The Woolridge Elementary Wildcats have an angel in their midst. Kai Noah Galleo is ageless now, but he'll forever be a bright-eyed baby to his parents, Michelle and Darrin, his big sister, Lily, and the softball team that didn't go to bat for him.

Kai died inexplicably on June 18 while sleeping at a day-care facility in Chesterfield County. He was 3 months and 13 days old.

In that short time, Kai, which means "sea" in Hawaiian, had become a sunny presence for the Wildcats, an undefeated team of 10- and 11-year-old girls, which included Kai's big sister, Lily Galleo.

"Kai had never missed a game," Michelle says. "He'd be passed around -- he was a fixture." And on the field, excitement was building.

All season the slow-pitch softball team dreamed of beating its longtime rival, Clover Hill, to become county champs. With 13 wins and one tie, the girls seemed well on their way.

Then came the unthinkable.

Just as Woolridge headed to the playoffs, Kai suddenly died. It was the day after Father's Day. Word of the tragedy spread quickly among those close to the Galleos — friends, neighbors, teammates. There was no explanation. "We had a perfectly healthy baby. Then he died," Michelle says, quietly forcing the words.

For many of the girls on the team, it was their first experience with death. That Kai was a baby who was smiling one day and gone the next made it more difficult. Parents struggled with how to talk about it with their children. Girls wondered how they should approach their friend Lily.

Carla King recalls the days after Kai's death. Her daughter Campbell was Lily's teammate. Her younger daughter, Madison, had grown attached to Kai, having held him happily at games.

"I told them, 'Don't treat Lily any differently. Tell her you're there for her and give her a hug,'" King says.

The team did more.

The day after Kai died, the girls had a playoff game. Lily Galleo was there. Her parents let her decide whether to go. King recalls head coach Joel Smith huddled with the girls reverently.

"We come with a heavy heart," Smith told the girls. "All our minds are on Kai. But it's our job as true friends to pick Lily up."

That night Lily, who occasionally pitched for Woolridge, arguably had her best game yet. She pitched strikes. She hit a home run. She helped her team win the game. Parents who were there fought back tears, King says. And when Lily got hugs, she told teammates, friends and family, "Thank you. I did it for Kai."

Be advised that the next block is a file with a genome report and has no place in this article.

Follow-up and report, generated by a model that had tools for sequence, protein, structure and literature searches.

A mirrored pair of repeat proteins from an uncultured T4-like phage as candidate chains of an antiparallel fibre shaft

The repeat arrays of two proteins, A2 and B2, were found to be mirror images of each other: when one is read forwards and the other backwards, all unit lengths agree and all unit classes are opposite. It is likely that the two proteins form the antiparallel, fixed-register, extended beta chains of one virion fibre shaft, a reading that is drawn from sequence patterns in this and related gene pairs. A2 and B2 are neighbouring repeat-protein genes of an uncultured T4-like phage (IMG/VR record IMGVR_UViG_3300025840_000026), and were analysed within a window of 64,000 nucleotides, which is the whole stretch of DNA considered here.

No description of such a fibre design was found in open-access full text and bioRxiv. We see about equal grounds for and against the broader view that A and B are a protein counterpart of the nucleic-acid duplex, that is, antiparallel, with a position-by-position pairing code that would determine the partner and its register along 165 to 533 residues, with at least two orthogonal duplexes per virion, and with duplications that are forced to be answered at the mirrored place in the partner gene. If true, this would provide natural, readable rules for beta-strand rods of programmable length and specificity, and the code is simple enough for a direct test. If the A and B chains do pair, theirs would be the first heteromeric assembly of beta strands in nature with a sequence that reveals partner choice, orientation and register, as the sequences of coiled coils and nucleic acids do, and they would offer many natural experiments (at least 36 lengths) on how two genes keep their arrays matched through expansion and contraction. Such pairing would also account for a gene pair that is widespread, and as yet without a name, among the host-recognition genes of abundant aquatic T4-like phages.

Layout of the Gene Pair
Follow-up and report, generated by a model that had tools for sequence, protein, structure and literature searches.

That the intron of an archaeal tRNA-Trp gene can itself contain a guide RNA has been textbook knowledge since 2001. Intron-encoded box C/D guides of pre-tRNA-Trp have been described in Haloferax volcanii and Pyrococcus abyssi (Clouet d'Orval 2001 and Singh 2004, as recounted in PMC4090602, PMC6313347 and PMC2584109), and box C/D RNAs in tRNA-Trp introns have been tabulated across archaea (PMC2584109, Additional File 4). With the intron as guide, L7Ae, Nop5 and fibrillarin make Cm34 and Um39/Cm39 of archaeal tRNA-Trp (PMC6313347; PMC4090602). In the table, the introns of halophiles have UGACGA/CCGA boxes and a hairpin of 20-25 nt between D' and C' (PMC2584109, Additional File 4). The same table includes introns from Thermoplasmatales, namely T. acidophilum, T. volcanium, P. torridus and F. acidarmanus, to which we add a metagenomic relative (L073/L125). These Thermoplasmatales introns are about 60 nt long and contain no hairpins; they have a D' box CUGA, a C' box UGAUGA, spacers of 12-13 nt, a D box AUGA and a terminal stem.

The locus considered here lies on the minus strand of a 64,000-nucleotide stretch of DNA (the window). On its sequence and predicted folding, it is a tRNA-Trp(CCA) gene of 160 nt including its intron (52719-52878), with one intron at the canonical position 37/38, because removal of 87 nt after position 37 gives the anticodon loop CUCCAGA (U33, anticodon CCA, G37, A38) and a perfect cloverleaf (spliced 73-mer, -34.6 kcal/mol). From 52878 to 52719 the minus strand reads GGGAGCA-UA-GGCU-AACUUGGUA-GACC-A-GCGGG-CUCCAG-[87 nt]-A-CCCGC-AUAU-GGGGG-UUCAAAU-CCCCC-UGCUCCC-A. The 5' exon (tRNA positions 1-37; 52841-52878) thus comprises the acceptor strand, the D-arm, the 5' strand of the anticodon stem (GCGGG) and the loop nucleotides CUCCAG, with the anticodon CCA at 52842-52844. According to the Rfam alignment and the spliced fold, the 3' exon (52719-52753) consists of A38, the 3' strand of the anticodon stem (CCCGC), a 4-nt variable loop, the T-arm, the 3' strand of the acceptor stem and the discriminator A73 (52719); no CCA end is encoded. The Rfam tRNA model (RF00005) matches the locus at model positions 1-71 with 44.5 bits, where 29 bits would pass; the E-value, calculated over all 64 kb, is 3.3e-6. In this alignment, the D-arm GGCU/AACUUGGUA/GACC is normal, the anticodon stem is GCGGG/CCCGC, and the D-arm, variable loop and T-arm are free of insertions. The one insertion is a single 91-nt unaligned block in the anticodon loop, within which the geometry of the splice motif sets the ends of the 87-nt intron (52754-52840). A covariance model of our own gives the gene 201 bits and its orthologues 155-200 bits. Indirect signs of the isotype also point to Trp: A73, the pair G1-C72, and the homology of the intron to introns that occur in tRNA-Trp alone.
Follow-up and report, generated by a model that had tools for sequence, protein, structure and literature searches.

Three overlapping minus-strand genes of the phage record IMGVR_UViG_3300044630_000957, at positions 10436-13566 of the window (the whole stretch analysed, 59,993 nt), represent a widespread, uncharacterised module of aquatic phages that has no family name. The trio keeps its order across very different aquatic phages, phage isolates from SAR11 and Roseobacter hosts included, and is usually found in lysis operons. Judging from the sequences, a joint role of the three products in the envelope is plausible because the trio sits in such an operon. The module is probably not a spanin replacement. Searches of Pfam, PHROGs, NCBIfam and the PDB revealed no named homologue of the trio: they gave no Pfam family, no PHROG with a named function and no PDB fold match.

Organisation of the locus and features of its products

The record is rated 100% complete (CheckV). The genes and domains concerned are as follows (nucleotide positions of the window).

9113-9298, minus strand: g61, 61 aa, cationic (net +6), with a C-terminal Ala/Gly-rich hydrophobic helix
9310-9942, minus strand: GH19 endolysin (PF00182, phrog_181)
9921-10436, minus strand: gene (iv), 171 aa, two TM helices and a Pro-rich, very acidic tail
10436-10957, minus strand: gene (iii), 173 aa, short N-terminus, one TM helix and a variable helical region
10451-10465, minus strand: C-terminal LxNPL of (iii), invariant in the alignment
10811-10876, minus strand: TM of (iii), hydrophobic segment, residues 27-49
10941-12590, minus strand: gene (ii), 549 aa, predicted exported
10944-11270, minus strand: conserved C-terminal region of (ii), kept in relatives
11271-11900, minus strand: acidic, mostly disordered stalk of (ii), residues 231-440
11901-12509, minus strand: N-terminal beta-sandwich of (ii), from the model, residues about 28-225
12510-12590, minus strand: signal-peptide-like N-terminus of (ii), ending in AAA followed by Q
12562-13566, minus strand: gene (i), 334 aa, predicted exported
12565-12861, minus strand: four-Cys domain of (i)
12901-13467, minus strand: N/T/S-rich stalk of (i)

Smith says in his years spent coaching, he's never seen such a sense of spirit prevail: "Every one of us — parents, coaches from both teams, umpires — went home and hugged our kids harder that night."

As it happened, the game to determine who'd play in the championship was scheduled to take place on the same night the Galleos were having a memorial visitation for Kai. Without telling the rival team why, the Woolridge team sent word that they were forfeiting the game. They no longer had a shot at the championship. And instead of showing up at a softball field, the team showed up at a funeral home.

The decision was unanimous.

"All the girls were there," Michelle Galleo says, along with parents, neighbors — even friends they didn't know they had. "I would never have imagined it," she says. "You go and you play softball with people. But you never expect them to be with you in your darkest hour."

Though the girls didn't say so at the time, the reason for their forfeiture eventually reached their rival team, Clover Hill — now the county champs — and spread to Greg and Angela Curtis, both slow-pitch commissioners for the Chesterfield Youth Softball Association. And as the story of Michael Vick and his troubles thundered through the media, the story of Kai, Lily and the Woolridge Wildcats rolled across county districts from Woodlake to Meadowbrook to Bon Air.

"It's touched more than our little athletic association," Carla King says. "I think everyone's learned a valuable life lesson: There'll always be another game to play."

Today, the Galleos are living with their loss. Michelle says it's all they can do. She and her husband, an Army reservist who could be deployed at any time, have noticed a change in Lily. "Since Kai died, she's developed this really thick or strong demeanor," she says.

On July 18 the Wildcats had a post-season get-together at Beef 'O' Brady's — their regular hangout in Harbour Pointe in Chesterfield County. Greg and Angela Curtis, the commissioners, and Michael Loving, the head coach for Clover Hill, showed up. They presented plaques to the Woolridge coaches; the players got shiny trophies. Inscribed are words that read: "Teammates are worth more than championships." S

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